The materials to be dyed may be in any make-up, e.g. tow, yarn, flocks, package, muff, wovens or knits, and may be dyed or printed by the conventional processes. The dyebaths are also stable at elevated temperatures and are therefore particularly suitable for the high-temperature dyeing of synthetic textile fabrics. The dyeings obtained contain no dye deposits and are fast to crocking.
The pigment dispersions are suitable e.g. for the preparation of disperse paints as well as for the preparation of printing inks for paper and for textile printing, and especially for the dope dyeing of synthetic fibres in the spinning solution. Paste formulations have moreover a lower viscosity, so that their dyestuff concentration may conveniently be increased.
If appropriate, the liquid, preferably aqueous, dye or pigment compositions obtained with the dispersant formulations of the invention may also be converted into powder form by means of conventional drying methods, especially spray drying.
The compositions in powder form are readily wettable and redispersible and can be reconverted without much trouble into a usable, preferably liquid form.
In the following preparatory Examples and use Examples, percentages are by weight.
The preferred membranes for use in this invention may be prepared e.g. as follows in accordance with Example 1 of German Offenlegungsschrift No. 2 505 254:
A solution is prepared from 25 g of cellulose acetate (degree of acetylation=39.8%), 45 g of acetone and 30 g of formamide. This solution is left to stand for 3 days, poured onto a glass plate and spread with a spatula to a 0.6 mm layer. The solvent is allowed to evaporate for 5 seconds at 25° C. and the glass plate is then immersed for 2 hours in ice-water and the membrane so obtained is removed from the plate.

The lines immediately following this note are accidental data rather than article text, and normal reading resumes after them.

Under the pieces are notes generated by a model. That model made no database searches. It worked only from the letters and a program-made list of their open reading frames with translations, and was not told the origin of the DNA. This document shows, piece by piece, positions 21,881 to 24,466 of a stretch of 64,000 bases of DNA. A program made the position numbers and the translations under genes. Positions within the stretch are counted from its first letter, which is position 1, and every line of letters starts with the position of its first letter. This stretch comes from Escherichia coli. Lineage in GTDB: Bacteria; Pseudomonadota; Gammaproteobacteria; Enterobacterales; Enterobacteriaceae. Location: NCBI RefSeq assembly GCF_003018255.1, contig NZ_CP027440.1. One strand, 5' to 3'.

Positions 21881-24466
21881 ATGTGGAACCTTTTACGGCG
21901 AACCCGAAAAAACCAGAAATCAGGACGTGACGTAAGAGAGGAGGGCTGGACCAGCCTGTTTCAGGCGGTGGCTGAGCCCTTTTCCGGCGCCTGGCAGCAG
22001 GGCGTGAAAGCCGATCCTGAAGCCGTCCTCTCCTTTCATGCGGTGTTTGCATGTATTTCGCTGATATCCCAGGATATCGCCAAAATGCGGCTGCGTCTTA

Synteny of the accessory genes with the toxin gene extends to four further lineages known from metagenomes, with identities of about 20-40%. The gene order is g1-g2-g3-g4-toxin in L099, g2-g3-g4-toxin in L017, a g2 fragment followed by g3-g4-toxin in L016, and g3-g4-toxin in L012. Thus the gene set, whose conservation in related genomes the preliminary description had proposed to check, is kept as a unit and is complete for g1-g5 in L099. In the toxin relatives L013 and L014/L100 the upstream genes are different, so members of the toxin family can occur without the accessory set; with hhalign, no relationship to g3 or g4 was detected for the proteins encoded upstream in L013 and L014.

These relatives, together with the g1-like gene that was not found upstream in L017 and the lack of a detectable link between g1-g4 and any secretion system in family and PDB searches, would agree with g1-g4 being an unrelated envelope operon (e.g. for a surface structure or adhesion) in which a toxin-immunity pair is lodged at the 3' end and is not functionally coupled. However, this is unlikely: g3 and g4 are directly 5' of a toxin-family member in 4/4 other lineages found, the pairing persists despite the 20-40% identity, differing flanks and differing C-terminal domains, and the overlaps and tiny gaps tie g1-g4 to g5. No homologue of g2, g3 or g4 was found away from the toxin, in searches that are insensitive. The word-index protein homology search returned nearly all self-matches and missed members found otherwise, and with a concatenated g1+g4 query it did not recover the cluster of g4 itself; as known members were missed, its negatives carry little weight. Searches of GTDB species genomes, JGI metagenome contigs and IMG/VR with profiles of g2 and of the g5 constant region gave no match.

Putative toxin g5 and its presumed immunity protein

The membrane is then immersed in a 5% aqueous solution of the 1:2 chromium complex of the dye of the formula ##STR1## and kept therein for 48 hours at pH 6 and a temperature of 25° C. The pH of the dye solution is then adjusted to 10.4 with sodium hydroxide solution and the solution is constantly agitated for 40 minutes at 25° C.
Instead of treating the membrane in two steps with the dye solution, it may also be treated in a single step for 21/2 hours at pH 10.5 and 25° C. with a 10% solution of the chromium complex dye. For the subsequent heat treatment (tempering), the membrane is immersed for 10 minutes in water of 60° C. The preparation of further suitable membranes is described in the other Examples of German Offenlegungsschrift No. 3 035 134 as well as in European patent application No. 26 399.
A 20% aqueous solution of the reaction mixture of a naphthalenesulfonate/formaldehyde condensation is pumped at room temperature and a pressure of 25 bar through a reverse osmosis unit which is provided with the previously described modified cellulose acetate membranes (cutoff at a molecular weight of about 500). The final concentration in the dispersant is 20 to 35%. The daily flow rate through the membrane is 500 l/m2.
To obtain a 1% concentration of ballast (salts, starting materials, by-products), based on the dry weight of the dispersant, it is necessary e.g. to pump the dispersant solution 5 times through the membrane, the solution being adjusted again to a solids content of 20% after each passage.
178 parts of dispersant which is purified and concentrated (25%) according to Example 1 are mixed with 22 parts of a disperse dye of the formula ##STR2## and the mixture is ground in an attrition mill until the dye has a particle size in the range from 1 to 3 μm.
The dispersion, which is stable for several weeks when stored, is then dried in a laboratory spray drier at an input temperature of 160° C. and an exit temperature of 80° to 90° C. An orange dye powder which is readily redispersible in water is obtained.